Endangered Species
Midwest Region



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Rayed Bean (Villosa fabalis)



The rayed bean is a freshwater mussel that has been extirpated from Illinois, Kentucky, and Virginia but is still found in Indiana, Michigan, New York, Ohio, Pennsylvania, Tennessee, West Virginia and Ontario, Canada. It is a small mussel, usually less than 1.5 inches long. Generally, it lives in smaller, headwater creeks, but is sometimes found in large rivers and wave-washed areas of glacial lakes. The rayed bean prefers gravel or sand substrates, and is often found in and around roots of aquatic vegetation.

Rayed bean mussel lying in a hand to show size comparison.  Photo by USFWS; Angela Boyer

The rayed bean, a small mussel that only grows to about 1 1/2 inches in length, can no longer be found in much of its historic range in the Midwest and Eastern U.S.

Photo by USFWS; Angela Boyer

Rayed Bean and Snuffbox Mussels Listed as Endangered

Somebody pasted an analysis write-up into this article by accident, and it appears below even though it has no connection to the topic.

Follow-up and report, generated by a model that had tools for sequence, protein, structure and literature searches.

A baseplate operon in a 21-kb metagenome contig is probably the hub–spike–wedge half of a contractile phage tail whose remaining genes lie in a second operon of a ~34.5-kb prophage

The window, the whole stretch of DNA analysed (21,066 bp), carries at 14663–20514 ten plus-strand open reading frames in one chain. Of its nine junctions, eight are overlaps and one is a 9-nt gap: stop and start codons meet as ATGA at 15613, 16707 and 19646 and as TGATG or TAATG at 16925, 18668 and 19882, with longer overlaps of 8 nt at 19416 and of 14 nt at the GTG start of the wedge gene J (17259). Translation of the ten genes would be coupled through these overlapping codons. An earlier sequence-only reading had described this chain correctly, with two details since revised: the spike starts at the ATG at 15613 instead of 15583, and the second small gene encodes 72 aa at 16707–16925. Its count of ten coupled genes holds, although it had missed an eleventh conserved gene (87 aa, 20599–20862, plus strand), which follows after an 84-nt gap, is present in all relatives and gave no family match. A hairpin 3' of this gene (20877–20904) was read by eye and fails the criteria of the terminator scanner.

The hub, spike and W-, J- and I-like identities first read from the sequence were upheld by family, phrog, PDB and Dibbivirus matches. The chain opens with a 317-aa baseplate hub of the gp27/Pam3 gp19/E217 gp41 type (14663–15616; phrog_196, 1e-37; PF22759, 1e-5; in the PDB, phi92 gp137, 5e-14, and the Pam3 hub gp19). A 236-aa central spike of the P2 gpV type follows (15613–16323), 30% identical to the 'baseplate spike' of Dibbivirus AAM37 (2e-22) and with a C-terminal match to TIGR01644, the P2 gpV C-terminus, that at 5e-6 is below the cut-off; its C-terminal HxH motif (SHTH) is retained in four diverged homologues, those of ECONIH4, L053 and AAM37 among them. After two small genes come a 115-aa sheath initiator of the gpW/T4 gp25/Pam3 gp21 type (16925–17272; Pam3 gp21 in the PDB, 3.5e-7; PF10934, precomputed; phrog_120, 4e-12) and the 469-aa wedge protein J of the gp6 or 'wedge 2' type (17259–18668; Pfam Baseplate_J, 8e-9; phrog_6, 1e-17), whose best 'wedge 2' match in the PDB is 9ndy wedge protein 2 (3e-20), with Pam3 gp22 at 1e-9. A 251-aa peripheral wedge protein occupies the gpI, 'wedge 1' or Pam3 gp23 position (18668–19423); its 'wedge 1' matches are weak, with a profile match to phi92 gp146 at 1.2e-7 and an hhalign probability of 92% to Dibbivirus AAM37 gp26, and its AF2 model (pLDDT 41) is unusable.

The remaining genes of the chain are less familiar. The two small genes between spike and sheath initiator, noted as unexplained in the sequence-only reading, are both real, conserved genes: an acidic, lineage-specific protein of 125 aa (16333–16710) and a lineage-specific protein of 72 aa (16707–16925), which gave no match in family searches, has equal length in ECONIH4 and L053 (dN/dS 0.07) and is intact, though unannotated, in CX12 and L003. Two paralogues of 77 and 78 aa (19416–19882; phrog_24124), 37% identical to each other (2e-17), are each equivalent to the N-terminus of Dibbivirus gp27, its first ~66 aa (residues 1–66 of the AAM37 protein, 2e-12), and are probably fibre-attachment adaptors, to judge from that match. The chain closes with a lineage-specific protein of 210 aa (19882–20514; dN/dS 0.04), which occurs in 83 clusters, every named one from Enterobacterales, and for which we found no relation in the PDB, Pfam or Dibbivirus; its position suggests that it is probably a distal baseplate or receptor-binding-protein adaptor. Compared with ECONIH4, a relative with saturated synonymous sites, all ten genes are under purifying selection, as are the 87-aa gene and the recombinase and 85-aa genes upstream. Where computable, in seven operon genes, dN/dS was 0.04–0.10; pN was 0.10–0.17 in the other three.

News Release (Feb. 13, 2012): U.S. Fish and Wildlife Service Lists Two Freshwater Mussels as Endangered Species


Federal Register Final Rule: Endangered and Threatened Wildlife and Plants; Listing the Rayed Bean and Snuffbox as Endangered (Feb. 14, 2012)


Rayed Bean Fact Sheet (Feb. 2012)


Questions and Answers: Rayed Bean and Snuffbox Mussels Listed as Endangered (Feb. 2012)


Status Assessment Report for the rayed bean, Villosa fabalis, occurring in the Mississippi River and Great Lakes systems (September 2002) - - 62-page PDF; 266KB


Information about the Snuffbox



Midwest Endangered Species Home



Last updated: January 17, 2018